Researchers taught an AI how to give good head

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It uses machine learning to improve the sex experience.

A sex toy company spent the last several years creating a product designed to accurately replicate oral sex on men by utilizing artificial intelligence (AI).

The “Autoblow A.I.,” according to the item’s Indiegogo page, is a “stroking penis gripper” that creates “sensations previously caused only by humans” by relying on 16 special techniques.

Brian Sloan, the man behind Autoblow A.I. and its predecessor Autoblow 2, says his latest venture came after three years of research and development.

“We listened to feedback from our 200,000 Autoblow 2 users and worked with PhD robotics engineers and artificial intelligence scientists to give you, our users, what you asked for, and more,” the campaign states.

To create a more realistic experience for his customers, Sloan’s team watched and annotated more than 109 hours of oral sex videos. Hired engineers then ran “several types of machine learning algorithms on the data set to build an AI model.”

According to a research paper on the project, entitled “Analysis of Movement in Oral Sex Performed Upon Men,” sixteen distinct motions were discovered and implemented into the product.

Speaking with Motherboard’s Samantha Cole, Sloan revealed he was turned down by seven teams of AI experts while pitching the idea.

“I told them I make a sex toy for men focusing on recreating the blowjob experience, and asked if they could use AI to study what really happens during blowjobs, so that I could make my machine give blowjobs like a human,” Sloan said. “That was enough to cause seven companies to tell me almost immediately that the ‘work was not for them.’ When I asked why, they didn’t want to talk about why.”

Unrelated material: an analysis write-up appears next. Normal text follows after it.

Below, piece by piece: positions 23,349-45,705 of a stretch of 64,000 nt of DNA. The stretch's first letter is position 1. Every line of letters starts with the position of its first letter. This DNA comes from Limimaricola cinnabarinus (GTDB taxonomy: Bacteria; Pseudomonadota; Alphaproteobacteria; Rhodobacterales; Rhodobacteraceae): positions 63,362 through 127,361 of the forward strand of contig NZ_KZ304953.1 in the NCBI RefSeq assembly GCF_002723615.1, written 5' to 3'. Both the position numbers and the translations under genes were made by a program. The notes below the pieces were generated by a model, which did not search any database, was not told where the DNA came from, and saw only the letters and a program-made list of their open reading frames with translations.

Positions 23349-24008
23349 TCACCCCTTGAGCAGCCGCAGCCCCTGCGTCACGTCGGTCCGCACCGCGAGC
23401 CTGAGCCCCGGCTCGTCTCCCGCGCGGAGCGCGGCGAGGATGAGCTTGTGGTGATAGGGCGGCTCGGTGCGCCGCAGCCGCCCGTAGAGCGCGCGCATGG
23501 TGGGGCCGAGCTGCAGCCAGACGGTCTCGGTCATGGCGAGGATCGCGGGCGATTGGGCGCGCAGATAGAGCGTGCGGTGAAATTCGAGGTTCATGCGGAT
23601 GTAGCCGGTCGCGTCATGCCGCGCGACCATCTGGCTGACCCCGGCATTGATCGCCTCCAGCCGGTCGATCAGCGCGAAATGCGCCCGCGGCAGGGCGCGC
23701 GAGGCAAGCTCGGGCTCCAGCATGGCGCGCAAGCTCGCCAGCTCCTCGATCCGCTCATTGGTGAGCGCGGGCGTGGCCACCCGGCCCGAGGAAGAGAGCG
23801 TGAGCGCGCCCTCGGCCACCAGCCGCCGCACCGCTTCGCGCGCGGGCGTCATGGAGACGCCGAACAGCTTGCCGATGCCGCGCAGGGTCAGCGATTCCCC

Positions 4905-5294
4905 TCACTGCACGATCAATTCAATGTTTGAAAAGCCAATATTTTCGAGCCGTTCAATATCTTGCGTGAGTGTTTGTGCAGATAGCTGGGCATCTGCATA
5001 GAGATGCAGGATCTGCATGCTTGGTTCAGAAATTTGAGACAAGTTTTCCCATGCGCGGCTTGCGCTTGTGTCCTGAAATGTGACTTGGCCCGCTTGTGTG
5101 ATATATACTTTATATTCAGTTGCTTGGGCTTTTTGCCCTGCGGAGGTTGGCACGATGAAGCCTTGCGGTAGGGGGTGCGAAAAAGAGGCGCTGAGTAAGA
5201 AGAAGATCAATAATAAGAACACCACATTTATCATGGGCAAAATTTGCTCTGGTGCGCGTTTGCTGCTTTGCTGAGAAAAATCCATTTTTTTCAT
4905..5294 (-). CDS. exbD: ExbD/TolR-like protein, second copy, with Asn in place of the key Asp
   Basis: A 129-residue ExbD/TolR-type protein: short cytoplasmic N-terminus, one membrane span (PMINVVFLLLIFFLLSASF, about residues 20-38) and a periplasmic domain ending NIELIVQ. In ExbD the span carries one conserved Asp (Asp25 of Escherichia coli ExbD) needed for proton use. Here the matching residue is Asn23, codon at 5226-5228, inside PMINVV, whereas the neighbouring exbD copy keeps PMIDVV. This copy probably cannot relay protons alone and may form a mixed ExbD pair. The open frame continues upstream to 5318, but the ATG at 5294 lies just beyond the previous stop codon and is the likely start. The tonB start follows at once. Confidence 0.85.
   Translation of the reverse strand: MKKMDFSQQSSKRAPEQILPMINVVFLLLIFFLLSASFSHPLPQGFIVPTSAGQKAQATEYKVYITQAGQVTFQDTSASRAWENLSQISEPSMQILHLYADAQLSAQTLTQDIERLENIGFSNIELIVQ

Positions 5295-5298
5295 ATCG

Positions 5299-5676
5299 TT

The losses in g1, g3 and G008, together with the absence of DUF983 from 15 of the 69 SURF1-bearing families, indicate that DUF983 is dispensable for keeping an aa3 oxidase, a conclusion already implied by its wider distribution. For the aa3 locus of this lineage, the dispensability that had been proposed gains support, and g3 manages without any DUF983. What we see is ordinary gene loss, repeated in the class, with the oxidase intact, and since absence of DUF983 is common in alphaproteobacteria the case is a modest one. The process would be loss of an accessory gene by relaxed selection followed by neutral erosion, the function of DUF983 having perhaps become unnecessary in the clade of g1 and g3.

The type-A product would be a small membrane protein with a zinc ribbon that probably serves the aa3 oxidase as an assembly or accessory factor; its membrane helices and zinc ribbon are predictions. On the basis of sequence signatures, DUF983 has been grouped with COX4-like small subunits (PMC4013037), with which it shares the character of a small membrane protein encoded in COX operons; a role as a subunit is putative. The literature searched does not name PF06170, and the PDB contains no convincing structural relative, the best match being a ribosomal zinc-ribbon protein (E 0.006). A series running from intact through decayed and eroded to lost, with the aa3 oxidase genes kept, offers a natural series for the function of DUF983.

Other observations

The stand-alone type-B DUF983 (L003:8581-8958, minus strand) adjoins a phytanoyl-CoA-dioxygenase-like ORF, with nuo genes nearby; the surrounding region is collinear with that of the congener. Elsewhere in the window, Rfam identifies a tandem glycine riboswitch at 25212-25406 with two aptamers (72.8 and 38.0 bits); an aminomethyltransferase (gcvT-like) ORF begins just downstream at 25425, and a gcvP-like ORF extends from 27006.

The eighth team, despite agreeing to work on Sloan’s oral sex device, requested to remain anonymous over fears of backlash from other clients.

“Corporations don’t want to be associated in any way with controversy. It’s just not acceptable to them, and they view this as a PR nightmare,” one of the scientists told Motherboard. “So, I am staying anonymous. On a personal level we didn’t get pushback, it’s more on the corporate level that being identified is a problem.”

The Autoblow A.I., which launched its Indiegogo campaign last week, has already raised nearly $70,000, far surpassing its initial goal of $50,000.

“We need additional time to improve the programming, tweak some issues with the motor, and build sleeve molds before starting mass production,” the campaign notes.

Sloan predicts backers of the product will receive their new Autoblow’s in May of next year.

Mikael Thalen

Mikael Thalen

Mikael Thalen is a tech and security reporter based in Seattle, covering social media, data breaches, hackers, and more.